Plus we want to see you on Saturday.

I think more young people ought to have a little time to chop wood. I never felled a tree with an axe, but I split my share of firewood. I knew exactly how hard I could swing that hammer, how many rounds I could split, and I didn't have to go around breaking other people's property to find out how strong I was.

In a few years, maybe I can bring my boys up for a few lessons from Uncle Carl...

5:19 PM, January 08, 2006  
Anonymous Anonymous said...

Your chainsaw's dBA level is probably 90. Your regular forest level is about 35-45dBA depending on the area and the amount of foot traffic. The entire area would be getting twice the amount of noise pollution than it typically gets by use of that thing. Be good to those ears!

9:41 PM, January 08, 2006  
Blogger timschon said...

Speak to your father about getting a bow saw.
Tim S

6:21 AM, January 18, 2006  
Anonymous Mica said...

I'm bringing Noah up because after seeing the picture, he can't wait to learn how to use an ax. It is as if this 8 year old has been waiting his whole life to learn how to really cut something a part.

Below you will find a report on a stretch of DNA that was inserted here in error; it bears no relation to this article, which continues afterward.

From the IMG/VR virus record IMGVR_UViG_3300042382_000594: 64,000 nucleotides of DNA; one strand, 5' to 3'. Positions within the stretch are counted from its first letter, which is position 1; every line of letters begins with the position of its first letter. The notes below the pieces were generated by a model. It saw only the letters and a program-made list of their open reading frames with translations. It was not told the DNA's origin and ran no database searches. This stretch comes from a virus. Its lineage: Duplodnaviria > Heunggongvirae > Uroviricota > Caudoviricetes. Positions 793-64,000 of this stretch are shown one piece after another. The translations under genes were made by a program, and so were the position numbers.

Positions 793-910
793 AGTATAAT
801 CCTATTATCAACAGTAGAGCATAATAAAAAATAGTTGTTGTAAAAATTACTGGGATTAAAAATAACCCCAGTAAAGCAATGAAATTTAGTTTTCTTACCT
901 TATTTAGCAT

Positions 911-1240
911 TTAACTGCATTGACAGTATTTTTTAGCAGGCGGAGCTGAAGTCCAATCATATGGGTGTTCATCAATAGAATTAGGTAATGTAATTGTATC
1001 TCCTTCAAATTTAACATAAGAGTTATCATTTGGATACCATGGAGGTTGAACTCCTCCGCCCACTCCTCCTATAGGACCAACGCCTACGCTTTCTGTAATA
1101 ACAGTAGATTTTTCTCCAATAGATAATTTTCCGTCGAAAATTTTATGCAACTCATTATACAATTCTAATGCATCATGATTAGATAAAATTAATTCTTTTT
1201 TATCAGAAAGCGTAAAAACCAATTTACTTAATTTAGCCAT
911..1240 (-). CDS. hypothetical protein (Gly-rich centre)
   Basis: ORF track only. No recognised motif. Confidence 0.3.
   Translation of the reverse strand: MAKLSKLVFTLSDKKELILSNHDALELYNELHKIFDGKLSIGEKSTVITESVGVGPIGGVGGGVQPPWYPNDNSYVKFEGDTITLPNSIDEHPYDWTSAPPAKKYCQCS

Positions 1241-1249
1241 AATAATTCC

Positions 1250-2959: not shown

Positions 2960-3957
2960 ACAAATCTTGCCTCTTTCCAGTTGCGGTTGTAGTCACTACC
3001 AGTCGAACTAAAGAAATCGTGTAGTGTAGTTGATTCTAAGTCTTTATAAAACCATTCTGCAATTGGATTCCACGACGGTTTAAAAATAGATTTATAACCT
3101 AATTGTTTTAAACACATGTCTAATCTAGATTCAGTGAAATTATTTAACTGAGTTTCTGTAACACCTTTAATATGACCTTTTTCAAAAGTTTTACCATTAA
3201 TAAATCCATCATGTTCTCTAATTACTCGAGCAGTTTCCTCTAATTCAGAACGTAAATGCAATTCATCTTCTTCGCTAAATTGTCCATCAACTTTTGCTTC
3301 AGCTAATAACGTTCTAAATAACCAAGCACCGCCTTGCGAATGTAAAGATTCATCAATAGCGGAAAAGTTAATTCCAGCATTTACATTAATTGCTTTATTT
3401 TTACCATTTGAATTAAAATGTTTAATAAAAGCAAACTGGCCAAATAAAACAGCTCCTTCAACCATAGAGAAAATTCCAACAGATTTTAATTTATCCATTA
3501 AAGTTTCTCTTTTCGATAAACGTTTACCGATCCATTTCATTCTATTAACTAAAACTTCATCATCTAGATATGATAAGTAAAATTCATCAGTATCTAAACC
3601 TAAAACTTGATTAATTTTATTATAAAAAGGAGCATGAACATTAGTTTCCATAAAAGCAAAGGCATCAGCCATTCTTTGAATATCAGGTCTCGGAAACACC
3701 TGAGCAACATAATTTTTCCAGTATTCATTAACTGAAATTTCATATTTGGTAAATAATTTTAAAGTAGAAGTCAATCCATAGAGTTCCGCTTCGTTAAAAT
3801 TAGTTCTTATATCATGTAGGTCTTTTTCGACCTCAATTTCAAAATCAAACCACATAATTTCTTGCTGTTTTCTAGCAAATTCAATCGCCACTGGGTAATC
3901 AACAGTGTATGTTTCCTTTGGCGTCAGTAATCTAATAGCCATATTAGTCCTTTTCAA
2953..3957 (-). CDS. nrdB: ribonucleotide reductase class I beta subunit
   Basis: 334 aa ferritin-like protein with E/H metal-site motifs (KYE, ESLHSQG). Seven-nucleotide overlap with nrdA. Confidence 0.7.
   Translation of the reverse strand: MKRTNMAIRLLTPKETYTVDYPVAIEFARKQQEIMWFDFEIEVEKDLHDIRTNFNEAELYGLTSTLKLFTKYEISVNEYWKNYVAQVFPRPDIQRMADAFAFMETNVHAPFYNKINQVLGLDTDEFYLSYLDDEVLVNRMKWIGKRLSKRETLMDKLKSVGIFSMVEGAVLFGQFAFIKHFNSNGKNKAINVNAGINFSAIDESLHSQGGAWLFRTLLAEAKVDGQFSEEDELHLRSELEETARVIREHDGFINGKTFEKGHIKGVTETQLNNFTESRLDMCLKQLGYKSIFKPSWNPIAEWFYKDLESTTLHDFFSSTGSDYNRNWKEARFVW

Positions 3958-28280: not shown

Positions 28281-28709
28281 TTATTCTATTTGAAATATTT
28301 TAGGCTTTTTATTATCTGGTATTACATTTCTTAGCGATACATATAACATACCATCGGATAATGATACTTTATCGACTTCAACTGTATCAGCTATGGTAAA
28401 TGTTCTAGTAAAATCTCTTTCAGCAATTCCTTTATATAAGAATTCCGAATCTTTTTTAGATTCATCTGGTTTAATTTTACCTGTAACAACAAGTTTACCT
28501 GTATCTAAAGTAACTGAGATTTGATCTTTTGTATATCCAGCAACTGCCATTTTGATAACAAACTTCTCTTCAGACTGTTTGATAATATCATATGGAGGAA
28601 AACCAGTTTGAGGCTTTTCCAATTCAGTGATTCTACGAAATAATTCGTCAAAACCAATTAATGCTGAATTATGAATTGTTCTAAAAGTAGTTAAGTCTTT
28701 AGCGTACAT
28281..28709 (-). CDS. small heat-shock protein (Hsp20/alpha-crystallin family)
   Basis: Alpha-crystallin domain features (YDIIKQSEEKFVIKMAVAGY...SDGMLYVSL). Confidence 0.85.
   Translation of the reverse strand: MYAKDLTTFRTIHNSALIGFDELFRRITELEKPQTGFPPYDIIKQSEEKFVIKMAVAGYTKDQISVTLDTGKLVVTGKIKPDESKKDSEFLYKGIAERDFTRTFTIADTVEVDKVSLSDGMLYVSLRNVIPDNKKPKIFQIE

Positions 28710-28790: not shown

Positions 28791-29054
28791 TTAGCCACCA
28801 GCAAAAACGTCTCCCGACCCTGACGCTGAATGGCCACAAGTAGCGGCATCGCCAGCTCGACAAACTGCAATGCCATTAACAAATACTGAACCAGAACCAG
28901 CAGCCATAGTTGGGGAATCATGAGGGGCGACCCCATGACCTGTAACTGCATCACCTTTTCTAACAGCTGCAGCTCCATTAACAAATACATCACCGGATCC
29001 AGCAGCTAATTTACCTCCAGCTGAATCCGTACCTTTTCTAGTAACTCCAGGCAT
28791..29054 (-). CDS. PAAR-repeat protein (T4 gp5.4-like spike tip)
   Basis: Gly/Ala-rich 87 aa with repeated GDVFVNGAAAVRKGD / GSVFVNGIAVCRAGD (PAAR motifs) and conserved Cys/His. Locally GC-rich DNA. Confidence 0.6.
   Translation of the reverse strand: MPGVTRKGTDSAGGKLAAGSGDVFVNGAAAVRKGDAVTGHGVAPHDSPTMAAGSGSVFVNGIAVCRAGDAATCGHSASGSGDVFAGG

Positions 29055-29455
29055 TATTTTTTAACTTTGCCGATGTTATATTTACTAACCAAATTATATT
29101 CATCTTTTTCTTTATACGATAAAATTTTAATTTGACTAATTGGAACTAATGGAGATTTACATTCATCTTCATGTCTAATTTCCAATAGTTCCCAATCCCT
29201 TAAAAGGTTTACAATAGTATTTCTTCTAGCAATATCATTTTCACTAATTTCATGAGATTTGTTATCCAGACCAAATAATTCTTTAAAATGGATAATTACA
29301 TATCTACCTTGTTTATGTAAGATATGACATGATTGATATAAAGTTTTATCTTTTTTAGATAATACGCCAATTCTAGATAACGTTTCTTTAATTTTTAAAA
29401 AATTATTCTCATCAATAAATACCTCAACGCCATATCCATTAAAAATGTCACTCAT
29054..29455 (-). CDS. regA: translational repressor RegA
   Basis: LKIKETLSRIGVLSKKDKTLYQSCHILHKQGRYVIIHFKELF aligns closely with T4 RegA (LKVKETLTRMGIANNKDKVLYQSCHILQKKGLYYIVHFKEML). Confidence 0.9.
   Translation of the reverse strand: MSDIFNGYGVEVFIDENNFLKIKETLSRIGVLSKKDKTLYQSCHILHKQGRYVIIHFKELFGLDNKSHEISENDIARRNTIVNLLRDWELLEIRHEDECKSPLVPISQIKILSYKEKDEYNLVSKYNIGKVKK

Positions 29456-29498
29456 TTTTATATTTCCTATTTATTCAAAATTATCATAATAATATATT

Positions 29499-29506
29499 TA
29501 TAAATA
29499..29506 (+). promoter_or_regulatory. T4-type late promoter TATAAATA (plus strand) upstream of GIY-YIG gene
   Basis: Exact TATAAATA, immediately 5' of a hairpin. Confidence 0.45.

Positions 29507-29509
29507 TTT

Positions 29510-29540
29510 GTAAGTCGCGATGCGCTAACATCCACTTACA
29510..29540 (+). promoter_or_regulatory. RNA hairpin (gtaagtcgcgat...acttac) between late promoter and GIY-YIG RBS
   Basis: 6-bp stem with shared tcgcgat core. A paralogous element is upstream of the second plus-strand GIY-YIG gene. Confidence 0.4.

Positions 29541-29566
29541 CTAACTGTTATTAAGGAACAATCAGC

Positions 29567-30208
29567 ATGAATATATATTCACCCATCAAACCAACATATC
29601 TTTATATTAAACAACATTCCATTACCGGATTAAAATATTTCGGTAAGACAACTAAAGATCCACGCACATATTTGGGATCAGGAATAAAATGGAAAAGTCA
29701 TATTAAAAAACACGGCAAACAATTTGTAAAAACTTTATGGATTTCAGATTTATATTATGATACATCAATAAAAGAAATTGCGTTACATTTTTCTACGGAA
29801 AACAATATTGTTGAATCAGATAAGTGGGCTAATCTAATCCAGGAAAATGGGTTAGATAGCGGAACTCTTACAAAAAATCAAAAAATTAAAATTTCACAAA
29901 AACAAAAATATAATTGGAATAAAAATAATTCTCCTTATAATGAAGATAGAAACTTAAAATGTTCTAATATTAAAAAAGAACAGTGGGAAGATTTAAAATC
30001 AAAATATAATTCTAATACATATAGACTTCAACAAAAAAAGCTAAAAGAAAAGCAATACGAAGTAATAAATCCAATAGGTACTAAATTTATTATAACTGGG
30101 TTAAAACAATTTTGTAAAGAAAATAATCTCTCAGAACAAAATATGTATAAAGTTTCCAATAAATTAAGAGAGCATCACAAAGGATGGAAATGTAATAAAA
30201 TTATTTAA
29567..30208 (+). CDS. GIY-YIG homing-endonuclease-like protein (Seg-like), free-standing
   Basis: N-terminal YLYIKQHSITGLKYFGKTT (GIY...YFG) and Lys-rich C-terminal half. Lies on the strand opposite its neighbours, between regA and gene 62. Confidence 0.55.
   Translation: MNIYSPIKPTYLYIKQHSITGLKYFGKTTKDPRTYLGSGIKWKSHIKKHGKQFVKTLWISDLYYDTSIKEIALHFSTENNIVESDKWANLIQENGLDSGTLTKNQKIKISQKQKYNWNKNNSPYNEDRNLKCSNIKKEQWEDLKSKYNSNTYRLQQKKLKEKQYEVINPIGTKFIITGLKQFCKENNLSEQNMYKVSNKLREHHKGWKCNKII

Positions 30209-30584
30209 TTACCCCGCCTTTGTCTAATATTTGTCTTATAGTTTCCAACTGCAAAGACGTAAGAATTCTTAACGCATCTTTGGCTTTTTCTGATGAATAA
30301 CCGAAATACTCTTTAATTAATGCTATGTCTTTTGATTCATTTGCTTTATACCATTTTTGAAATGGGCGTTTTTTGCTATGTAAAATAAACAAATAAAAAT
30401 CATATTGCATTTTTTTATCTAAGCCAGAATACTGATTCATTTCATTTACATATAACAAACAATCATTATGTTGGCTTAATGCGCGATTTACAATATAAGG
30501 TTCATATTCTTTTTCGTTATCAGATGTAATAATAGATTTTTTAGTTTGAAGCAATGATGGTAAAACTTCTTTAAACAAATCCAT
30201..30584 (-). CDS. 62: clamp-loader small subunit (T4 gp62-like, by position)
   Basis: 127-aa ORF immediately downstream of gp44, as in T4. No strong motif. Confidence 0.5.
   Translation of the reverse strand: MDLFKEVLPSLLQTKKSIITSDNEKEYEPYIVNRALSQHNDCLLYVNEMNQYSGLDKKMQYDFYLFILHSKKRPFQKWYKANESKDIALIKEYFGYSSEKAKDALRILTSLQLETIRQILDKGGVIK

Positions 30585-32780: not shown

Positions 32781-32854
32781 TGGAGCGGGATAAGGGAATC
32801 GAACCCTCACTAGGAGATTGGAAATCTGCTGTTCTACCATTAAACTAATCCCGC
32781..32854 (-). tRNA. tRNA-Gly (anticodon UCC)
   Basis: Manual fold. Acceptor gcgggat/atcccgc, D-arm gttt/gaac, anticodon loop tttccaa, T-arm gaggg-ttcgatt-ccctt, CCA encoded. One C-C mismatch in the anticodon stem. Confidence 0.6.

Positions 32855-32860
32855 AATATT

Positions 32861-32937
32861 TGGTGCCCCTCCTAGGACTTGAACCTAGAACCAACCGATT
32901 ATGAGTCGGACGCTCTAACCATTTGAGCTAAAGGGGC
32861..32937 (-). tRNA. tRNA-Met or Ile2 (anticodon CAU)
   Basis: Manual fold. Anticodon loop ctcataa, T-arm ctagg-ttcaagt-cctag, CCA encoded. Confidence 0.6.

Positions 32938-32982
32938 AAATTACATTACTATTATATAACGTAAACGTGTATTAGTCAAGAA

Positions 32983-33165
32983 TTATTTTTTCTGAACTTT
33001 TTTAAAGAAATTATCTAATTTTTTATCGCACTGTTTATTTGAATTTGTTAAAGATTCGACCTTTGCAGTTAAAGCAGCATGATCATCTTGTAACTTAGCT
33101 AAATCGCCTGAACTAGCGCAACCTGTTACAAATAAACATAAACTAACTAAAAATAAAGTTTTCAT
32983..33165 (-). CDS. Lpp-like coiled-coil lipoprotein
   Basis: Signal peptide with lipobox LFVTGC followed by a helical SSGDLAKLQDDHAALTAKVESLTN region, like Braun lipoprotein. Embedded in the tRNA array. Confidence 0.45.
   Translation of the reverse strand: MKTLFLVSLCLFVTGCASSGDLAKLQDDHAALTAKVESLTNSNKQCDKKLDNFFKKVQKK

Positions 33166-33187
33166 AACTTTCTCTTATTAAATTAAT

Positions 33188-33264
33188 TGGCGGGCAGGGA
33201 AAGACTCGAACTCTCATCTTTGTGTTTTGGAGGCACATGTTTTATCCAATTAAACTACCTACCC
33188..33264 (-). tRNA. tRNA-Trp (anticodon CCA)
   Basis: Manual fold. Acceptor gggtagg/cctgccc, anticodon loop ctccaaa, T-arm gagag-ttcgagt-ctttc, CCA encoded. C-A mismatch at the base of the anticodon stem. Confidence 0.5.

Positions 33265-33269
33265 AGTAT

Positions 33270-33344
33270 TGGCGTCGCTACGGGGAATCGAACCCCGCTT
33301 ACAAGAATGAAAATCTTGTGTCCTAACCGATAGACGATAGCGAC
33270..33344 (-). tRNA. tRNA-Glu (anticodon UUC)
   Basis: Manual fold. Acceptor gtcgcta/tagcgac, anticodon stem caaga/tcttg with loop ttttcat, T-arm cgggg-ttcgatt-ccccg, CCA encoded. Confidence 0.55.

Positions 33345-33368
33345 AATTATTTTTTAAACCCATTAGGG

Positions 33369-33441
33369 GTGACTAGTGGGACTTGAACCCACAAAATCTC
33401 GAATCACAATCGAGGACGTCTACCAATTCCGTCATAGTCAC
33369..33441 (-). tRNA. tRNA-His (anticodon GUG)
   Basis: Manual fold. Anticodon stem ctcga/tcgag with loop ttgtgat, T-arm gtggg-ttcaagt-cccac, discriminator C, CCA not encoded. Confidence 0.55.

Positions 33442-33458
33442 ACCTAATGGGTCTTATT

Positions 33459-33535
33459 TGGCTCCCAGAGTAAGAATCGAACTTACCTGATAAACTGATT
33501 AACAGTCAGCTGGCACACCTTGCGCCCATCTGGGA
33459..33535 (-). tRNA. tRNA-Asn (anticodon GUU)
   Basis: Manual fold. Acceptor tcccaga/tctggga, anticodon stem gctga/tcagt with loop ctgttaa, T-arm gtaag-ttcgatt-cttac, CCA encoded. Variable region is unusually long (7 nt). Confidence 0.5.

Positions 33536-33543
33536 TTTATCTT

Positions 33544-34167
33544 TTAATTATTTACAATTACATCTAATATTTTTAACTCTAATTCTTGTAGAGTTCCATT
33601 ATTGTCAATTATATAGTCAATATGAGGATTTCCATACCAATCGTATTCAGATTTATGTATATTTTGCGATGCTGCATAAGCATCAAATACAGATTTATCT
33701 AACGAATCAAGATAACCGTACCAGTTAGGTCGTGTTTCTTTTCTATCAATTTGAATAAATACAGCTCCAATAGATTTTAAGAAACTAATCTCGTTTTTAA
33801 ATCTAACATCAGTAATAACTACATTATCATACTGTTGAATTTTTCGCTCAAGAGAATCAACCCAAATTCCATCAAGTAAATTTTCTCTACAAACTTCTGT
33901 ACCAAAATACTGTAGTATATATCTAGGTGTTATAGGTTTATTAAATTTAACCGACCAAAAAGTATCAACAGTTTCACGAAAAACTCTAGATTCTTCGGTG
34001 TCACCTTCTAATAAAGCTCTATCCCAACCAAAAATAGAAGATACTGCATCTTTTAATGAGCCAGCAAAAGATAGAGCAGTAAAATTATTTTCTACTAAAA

6:44 PM, February 02, 2006  
Blogger cherice said...


Good to read you again! I just stumbled across a link to your blog from another one and thought I'd say hi. New Jersey's not as exciting as your tree-chopping, bike-riding life looks to be at the minute! But school's good.

You can check out my blog if you want.


5:15 PM, February 21, 2006  
Anonymous Anonymous said...

Hey Carl-

Seems like you are still working at living the good life. Heather and I are making plans to go back to alaska and stay through the winter. 60 below here i come. Check out info about our trip. I would love to get an e-mail from you sometime.


9:40 PM, May 19, 2006  
Anonymous Anonymous said...

Very admirable and thrifty way of living Carl... After watching others for some time, I am this *close* to giving up my car and also going vegetarian myself... it is time we unhook the earth from all the non-sustainable mass consumption.

Dave Rienhart

12:19 PM, December 11, 2006  
Blogger Carl Magruder said...

Hey, David... Did you go to Tahoe Elementary School, have a difficult father with a vintage Triumph automobile, and a doughboy pool in your back yard when you were in second grade?

3:56 PM, December 17, 2006  
Anonymous John Garst said...


Your "John Henry" stanzas are broadly familiar to me but your wording differs slightly from those I've seen elsewhere in every stanza you quote. As a John Henry researcher, I'm mighty interested in versions of the ballad that differ from the mainstream. I'm not sure how much yours does that, but I'd like to know where you got it and I'd like to see the complete text.


John Garst

12:11 PM, June 08, 2007